Interview with Barbara Costas-Biggs
by Amanda Page
by Amanda Page
The opening poem in Barbara Costas-Biggs’s debut poetry collection, Broken on the Wheel, tells the story of a woman watching a deer that has tangled itself in a barbed-wire fence. The woman watches, speaking to the doe, who is upside down and watching her. The speaker is a “farmer without a gun” who does “not welcome the fox to the chicken yard / though I defend her. Her kits are hungry.”
The image of the trapped, upside-down doe stayed with me while I read the manuscript, and continues to stay with me much later, as did the feeling of understanding a nuisance. I carried that image of the doe and the sentiment of defending an unwelcome creature through every poem I read. That image created the mood of the book for me, the atmosphere in which we learn what it means to be “broken on the wheel” as we make our way through our unpredictable lives, sometimes delighted and sometimes despondent at the metaphors we encounter that reflect our choices back to us.
I had questions for the author, so I emailed them to her. Her responses here have been lightly edited for clarity.
Barbara Costas-Biggs is a poet and librarian from Southern Ohio. Her work has appeared in Appalachian Review, Northern Appalachian Review, 8Poems, Lost Balloon, Glass, and others. Her chapbook, The Other Shore, was a finalist for The Washburn Prize from Harbor Review. She holds an MFA from Queens University of Charlotte and an MLIS from Kent State University. Broken On the Wheel, is her first book. About Broken On the Wheel:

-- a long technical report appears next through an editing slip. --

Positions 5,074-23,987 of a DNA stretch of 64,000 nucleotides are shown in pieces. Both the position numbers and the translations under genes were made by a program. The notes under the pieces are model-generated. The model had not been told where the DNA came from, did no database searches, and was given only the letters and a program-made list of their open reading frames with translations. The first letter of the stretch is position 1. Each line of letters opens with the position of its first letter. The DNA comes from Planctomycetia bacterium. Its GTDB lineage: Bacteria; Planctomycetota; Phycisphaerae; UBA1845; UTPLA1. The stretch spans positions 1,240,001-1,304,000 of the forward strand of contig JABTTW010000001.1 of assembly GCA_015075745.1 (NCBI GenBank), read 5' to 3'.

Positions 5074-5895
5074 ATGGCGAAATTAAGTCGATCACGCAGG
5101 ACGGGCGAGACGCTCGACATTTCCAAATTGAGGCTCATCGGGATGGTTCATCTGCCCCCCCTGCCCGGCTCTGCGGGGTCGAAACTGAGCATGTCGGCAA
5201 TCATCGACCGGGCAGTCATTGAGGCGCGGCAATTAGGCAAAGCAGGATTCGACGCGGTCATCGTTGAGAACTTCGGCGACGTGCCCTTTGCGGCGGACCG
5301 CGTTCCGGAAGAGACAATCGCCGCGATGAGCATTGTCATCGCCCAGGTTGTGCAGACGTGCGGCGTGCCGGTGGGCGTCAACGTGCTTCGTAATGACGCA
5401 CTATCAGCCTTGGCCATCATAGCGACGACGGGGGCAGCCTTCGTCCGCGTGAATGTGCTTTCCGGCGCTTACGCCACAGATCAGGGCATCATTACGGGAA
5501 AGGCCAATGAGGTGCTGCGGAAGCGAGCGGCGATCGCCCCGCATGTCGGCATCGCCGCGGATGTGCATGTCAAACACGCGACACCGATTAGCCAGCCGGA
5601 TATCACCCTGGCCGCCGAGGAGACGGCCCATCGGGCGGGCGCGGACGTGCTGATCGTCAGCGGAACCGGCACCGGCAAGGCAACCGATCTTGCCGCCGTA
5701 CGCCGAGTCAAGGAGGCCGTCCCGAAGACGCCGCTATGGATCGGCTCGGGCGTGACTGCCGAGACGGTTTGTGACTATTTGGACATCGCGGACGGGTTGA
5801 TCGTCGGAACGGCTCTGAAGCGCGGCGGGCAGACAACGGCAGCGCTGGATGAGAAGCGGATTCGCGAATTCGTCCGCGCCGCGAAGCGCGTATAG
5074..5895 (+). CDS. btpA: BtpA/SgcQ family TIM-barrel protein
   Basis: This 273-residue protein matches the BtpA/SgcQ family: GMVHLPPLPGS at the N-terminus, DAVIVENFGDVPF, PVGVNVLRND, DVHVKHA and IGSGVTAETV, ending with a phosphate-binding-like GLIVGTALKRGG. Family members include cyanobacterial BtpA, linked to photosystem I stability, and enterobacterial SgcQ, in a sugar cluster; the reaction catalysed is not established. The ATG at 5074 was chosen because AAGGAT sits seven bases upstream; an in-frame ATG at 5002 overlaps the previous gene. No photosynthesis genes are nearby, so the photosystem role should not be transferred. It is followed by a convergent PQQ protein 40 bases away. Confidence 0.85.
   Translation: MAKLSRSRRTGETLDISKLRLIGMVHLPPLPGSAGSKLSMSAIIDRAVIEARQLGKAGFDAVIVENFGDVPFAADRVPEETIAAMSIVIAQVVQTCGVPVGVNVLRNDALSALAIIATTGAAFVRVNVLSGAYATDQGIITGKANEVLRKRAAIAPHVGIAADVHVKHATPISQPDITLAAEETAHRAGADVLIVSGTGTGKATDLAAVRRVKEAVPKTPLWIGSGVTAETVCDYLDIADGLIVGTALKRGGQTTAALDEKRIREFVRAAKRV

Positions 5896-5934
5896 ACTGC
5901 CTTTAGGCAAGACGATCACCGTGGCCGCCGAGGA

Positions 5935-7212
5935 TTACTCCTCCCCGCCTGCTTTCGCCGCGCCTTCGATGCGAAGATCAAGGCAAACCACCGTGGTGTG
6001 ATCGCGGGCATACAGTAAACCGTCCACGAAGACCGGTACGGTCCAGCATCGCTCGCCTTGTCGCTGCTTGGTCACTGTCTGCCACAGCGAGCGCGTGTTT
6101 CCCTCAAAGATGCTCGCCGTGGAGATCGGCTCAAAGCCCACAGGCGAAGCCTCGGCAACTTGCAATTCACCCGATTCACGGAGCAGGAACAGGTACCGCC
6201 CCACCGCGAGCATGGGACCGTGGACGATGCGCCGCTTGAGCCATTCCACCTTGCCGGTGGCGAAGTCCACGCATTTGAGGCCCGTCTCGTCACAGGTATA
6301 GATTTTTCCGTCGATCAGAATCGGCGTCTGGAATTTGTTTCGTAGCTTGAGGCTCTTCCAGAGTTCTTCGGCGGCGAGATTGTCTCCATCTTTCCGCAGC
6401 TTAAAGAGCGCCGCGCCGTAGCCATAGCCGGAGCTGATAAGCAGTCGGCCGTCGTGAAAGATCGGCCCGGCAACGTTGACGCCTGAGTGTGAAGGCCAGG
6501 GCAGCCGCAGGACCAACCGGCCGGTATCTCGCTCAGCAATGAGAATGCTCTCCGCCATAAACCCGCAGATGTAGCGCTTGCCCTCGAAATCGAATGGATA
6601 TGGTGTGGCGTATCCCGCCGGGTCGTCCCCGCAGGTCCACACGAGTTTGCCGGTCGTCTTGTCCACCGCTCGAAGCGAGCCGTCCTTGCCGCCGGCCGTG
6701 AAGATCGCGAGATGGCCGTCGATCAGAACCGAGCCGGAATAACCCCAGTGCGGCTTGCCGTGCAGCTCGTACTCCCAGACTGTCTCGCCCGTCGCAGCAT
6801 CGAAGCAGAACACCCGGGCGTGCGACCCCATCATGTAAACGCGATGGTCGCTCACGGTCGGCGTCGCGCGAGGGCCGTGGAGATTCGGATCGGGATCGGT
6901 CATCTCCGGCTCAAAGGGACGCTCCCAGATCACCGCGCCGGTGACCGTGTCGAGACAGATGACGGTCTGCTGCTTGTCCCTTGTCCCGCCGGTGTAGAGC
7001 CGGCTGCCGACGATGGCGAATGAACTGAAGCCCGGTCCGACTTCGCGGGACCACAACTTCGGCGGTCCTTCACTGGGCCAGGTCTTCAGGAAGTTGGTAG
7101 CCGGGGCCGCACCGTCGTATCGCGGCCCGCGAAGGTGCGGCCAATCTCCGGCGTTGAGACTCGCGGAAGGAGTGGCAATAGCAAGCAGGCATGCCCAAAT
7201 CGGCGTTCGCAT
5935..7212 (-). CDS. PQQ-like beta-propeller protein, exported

“Drawing on the beauty of the Southern Ohio hills and Northern Appalachia, Barbara Costas-Biggs's debut poetry collection weaves together marriage, motherhood, and memory into a tapestry of creation and reclamation. With bold strokes and striking detail, Biggs mines the messiness of modern life, the reawakenings we strive to experience, and the faith that comes with trying to fix what appears unfixable.” American Poet Maggie Smith said “this collection is packed with epiphanies and memories and crapshoots—'That in-between stuff./ What we, I hope, are mostly made of.’ Broken On the Wheel is a perceptive, masterful debut.”
Why the hell are we conditioned into the smooth strawberry-and-cream
Mother-Goose-world, Alice-in-Wonderland fable, only to be broken on the wheel
as we grow older and become aware of ourselves as individuals with a
dull responsibility in life? -Sylvia Plath
I think of Eric” by Barbara Costas-Biggs appears in Broken On the Wheel (Cornerstone Press, 2021) and is used with permission of the press and the author.